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Mr. sickVisionz



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PostPosted: Fri May 29, 2020 12:53 pm Reply with quote
I really enjoyed this series a lot. I loved how entangled and connected all the arcs ended up being and how each of them, in some way, contributed to the MC spoiler[accepting and settling into her role as Queen]. It's fantasy, but I think they found a way to execute that (growing into her role) in a way that felt more realistic than most.
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MarshalBanana



Joined: 31 Aug 2014
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PostPosted: Sun May 31, 2020 7:22 am Reply with quote
Top Gun wrote:
It's more of a personal bias than anything else, but the term has extremely negative connotations to me, given the trends present in most of the works of that type being produced today. However, I've read multiple compelling write-ups that make a good case for there being a clear break between the "to another world" series of the 90s and early 2000s, and the current isekai wave. For one, the earlier series almost always featured female protagonists, whereas the current ones (by and large) focus on male protagonists. (I think that's where the Alice comparison has at least a bit of merit.) They were also far more heavily inspired by classic high fantasy or mythology, as opposed to being more of a take on RPG-esque tropes. And they didn't really revolve around wish-fulfillment: as an earlier post pointed out, Youko spends the first several episodes desperately wanting to leave this world.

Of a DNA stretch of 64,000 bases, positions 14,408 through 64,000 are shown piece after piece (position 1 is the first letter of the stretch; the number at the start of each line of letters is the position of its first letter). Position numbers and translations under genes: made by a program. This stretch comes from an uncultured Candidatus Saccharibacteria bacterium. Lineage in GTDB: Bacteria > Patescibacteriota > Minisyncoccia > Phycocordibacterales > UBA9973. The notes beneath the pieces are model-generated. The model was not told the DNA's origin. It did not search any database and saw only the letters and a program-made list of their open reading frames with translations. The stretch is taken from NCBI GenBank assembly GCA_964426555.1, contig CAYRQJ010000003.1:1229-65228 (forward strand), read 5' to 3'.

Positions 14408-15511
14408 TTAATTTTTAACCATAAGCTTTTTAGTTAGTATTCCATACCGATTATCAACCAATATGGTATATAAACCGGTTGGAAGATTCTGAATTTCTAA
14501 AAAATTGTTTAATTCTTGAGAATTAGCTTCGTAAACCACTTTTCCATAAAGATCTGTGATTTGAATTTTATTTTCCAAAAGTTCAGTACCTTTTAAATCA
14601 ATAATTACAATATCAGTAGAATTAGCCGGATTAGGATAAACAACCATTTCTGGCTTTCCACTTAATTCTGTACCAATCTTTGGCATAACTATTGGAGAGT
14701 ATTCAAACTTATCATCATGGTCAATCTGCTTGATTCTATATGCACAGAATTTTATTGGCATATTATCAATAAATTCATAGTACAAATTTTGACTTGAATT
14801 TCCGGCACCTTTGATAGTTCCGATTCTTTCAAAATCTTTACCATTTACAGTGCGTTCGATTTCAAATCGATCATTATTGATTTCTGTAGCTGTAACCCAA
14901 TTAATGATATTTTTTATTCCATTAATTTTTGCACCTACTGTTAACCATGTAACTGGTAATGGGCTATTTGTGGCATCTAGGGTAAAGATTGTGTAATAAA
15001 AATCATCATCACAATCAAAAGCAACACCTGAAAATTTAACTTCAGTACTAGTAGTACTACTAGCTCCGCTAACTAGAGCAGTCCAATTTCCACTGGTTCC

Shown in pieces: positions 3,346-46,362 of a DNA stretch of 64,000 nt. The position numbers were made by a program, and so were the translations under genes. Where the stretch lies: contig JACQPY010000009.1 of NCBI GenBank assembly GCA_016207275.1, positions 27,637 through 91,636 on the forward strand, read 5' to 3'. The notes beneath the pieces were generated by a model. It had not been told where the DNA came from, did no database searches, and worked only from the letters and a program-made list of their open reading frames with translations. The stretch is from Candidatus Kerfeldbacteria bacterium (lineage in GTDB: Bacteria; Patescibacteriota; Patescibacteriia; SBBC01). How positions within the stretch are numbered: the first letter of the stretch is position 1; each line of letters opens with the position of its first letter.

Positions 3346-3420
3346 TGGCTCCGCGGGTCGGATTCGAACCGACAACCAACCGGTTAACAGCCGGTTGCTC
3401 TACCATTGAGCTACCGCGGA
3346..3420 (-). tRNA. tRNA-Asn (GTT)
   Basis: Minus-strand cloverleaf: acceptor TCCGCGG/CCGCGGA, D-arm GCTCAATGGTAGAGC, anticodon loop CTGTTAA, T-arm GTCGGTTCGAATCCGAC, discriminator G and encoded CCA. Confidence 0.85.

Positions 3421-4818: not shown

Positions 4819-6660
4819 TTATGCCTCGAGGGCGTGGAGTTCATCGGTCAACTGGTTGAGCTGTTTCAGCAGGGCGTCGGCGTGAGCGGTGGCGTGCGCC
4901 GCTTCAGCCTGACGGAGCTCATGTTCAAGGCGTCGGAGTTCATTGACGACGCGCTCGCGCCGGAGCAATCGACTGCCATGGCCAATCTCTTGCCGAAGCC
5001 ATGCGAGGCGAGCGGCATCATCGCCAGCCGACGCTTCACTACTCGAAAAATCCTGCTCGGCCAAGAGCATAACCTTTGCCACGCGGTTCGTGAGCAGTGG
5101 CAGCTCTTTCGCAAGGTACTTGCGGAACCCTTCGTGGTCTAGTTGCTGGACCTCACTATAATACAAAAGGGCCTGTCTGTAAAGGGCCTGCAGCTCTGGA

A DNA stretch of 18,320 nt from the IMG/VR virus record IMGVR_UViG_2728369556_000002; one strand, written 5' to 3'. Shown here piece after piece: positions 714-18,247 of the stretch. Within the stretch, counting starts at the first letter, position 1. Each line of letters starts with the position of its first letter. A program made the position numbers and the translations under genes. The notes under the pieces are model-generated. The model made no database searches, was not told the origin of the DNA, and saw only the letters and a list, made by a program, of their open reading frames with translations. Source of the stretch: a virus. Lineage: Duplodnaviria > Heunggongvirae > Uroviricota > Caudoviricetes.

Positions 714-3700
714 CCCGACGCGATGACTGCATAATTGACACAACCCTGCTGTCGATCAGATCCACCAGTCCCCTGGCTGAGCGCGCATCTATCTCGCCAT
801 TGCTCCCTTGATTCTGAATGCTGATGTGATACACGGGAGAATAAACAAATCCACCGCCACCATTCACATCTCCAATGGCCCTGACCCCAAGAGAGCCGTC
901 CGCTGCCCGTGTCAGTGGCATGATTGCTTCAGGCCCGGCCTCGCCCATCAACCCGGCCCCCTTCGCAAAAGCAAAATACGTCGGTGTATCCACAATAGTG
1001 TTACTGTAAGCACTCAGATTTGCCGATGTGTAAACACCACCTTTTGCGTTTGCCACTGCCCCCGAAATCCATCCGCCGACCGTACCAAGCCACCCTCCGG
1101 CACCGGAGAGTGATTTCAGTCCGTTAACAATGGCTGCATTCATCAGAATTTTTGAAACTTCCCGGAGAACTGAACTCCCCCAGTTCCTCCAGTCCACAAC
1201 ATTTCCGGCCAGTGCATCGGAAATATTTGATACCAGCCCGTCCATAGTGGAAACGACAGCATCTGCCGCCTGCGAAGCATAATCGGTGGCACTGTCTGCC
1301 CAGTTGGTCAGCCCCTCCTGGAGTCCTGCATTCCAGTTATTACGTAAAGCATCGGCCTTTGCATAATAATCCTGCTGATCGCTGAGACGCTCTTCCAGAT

That's sound reasoning, and thanks for being honest about being biased. What you say about female vs male leads in Isekai is interesting, as Magical Shopping Arcade Abenobashi, which I realise is probably Isekai, has two lead characters of both genders. The boy wants to stay in the fantasy worlds, as a form of escapism and to revel in his hobbies. And the girl wants to return to the real world where everything makes sense and the people she knows live.
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Gonbawa



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PostPosted: Tue Jun 02, 2020 11:42 am Reply with quote